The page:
In summer, let’s get some raw meat
Summer is approaching and, with beautiful and warm sunny days, we cannot miss fresh salads on our table. But also meat, especially raw, such as tartare and carpaccio, is well served as an inevitable ingredient for a fresh, nutritious and tasty dish. How can we consume it safely?
Raw or slightly cooked meat can contain microorganisms responsible for food infections, which can also cause serious gastrointestinal disorders. Pork and chicken meat, for example, are the most problematic from a hygienic point of view, so they should never be eaten raw or not properly cooked. However, chicken can be eaten cold, once cooked, cut into strips in salads, while the pork is great for beautiful outdoor grilling. There is no problem for beef instead, always with the necessary cautions.
Operators, those who slaughter and prepare meat, should carefully follow all HACCP procedures and work on sanitized surfaces. Respect for basic health and hygiene standards, for correct procedures, and for the whole cold chain are key points for safe raw meat consumption. Also at home it is important to remember to keep raw food away from cooked food, including tableware and cutlery.
It is then imperative that the meat is of the best quality: so, it is necessary to choose the very fine bovine meat, a bright red colour, soft and lean, listening to the advice of your trusted butcher. To be more careful, you can remove all the outside part of the meat, which is the one that could have come into contact with any contamination. Usually the best cuts that are suitable for this purpose are the thin pieces of the thigh, with meat matured over 20 to 30 days, so as to ensure a dry meat, with its own flavour and fragrance, even without seasoning.
The benefits from the nutritional point of view are very high. Consuming raw meat in fact preserves all nutrients, which would be otherwise partly lost, especially with too aggressive and prolonged cooking. So all the water that the meat contains is preserved, which is important especially during summer, when it is recommended to drink a lot, making it a fresh and moisturized food.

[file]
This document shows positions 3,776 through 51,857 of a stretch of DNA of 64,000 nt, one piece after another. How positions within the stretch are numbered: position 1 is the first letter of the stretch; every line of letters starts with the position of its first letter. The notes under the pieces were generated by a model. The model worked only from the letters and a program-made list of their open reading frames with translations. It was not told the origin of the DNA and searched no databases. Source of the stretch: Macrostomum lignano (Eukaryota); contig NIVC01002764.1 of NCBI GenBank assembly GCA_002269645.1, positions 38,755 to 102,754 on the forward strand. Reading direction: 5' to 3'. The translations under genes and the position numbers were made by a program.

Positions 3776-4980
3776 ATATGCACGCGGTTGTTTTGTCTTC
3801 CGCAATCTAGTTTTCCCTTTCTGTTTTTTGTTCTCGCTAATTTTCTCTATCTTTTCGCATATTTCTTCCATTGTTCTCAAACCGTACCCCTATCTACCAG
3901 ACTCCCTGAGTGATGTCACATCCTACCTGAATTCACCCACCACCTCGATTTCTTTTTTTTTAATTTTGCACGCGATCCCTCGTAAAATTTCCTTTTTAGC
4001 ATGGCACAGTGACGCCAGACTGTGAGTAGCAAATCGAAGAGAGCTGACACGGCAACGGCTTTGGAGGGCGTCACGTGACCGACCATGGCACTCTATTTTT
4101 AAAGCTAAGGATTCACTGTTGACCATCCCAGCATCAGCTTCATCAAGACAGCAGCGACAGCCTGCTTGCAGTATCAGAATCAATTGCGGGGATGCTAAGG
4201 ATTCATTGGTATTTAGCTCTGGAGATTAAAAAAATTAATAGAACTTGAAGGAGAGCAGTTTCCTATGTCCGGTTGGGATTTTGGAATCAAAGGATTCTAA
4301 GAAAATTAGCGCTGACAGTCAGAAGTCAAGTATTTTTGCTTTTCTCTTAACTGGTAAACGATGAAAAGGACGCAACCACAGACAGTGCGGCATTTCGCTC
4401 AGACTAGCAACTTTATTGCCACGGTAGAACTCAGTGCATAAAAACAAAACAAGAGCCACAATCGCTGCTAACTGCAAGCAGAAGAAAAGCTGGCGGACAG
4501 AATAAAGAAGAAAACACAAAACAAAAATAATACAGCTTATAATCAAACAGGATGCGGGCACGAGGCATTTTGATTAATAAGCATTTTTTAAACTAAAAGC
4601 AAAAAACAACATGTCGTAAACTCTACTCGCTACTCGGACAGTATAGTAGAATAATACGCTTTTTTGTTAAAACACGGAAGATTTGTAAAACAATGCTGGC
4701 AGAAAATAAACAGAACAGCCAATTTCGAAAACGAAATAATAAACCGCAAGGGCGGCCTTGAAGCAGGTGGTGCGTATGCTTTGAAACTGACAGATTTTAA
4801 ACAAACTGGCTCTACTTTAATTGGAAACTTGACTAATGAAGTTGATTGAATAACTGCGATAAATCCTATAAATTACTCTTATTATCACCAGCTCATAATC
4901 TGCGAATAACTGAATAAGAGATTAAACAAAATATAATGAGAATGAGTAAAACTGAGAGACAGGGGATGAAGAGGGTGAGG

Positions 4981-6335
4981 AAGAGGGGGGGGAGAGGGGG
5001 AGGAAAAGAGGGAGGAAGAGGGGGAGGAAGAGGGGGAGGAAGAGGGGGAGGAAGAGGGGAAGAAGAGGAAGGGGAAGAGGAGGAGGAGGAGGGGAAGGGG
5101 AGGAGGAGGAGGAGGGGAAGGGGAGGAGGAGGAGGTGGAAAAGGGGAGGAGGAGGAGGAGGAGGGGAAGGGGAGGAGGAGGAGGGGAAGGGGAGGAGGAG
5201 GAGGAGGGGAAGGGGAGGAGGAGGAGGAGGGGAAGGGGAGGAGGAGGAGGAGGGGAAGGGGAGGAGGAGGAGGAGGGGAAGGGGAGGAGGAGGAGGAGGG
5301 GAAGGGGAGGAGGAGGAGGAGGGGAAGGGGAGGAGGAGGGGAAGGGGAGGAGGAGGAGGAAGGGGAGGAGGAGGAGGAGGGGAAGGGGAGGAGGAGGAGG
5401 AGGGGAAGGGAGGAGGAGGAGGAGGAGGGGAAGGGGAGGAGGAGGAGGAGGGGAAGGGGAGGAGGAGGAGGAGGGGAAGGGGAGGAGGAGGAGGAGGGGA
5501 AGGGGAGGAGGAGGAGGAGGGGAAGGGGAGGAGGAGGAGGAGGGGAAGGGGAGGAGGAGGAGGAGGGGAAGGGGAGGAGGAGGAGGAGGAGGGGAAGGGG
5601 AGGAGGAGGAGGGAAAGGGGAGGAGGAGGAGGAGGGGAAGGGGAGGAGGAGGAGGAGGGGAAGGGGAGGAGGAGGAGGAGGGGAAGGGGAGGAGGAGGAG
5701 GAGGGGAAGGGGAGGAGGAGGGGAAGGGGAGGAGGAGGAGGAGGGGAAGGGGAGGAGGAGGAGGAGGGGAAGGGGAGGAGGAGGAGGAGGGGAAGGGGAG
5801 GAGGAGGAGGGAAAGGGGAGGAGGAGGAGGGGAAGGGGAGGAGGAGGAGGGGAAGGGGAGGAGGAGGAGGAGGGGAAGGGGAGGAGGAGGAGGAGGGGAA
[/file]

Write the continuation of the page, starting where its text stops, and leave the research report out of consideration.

Even the minerals of which the meat is naturally rich, such as iron, magnesium, zinc, selenium and calcium, which would be in part lost in cooking through the dispersion of liquids, in raw meat remain completely intact. The same applies to vitamins, which are the most unstable nutrients, the first ones that are denatured and lost: in raw meat it is possible to get all the vitamins, especially those of the B group, including the important B12.
It is true that cooking makes meat more digestible, but also the preparations to which raw meat is subjected to transform it into tartare or carpaccio have the same purpose. Carpaccio slices are very thin and light and the seasoning with lemon juice helps to marinate the meat, making it more digestible, “disinfecting” it and boosting the absorption of iron to the highest levels. To prepare the tartare, the meat is beaten using a sharp knife making it very thin, so that it feels like it is melted in the mouth, thus facilitating the digestion in the stomach.
It is of course better to eat freshly prepared meat, but it can also be stored in the fridge for a day at most. Among the most popular recipes, we find the famous “Albese raw beef” and “Alla francese tartare“, which are very easy to try at home for tasty and elegant cold dishes to be served on the upcoming summer evenings.
Susanna Bramante is an agronomist and scientific writer, author and co-author of 11 scientific publications and numerous articles on human nutrition and its impact on health and environment. In 2010 she received the title of Doctor Europaeus and PhD in Animal Production, Health and Food Hygiene in countries with a Mediterranean climate.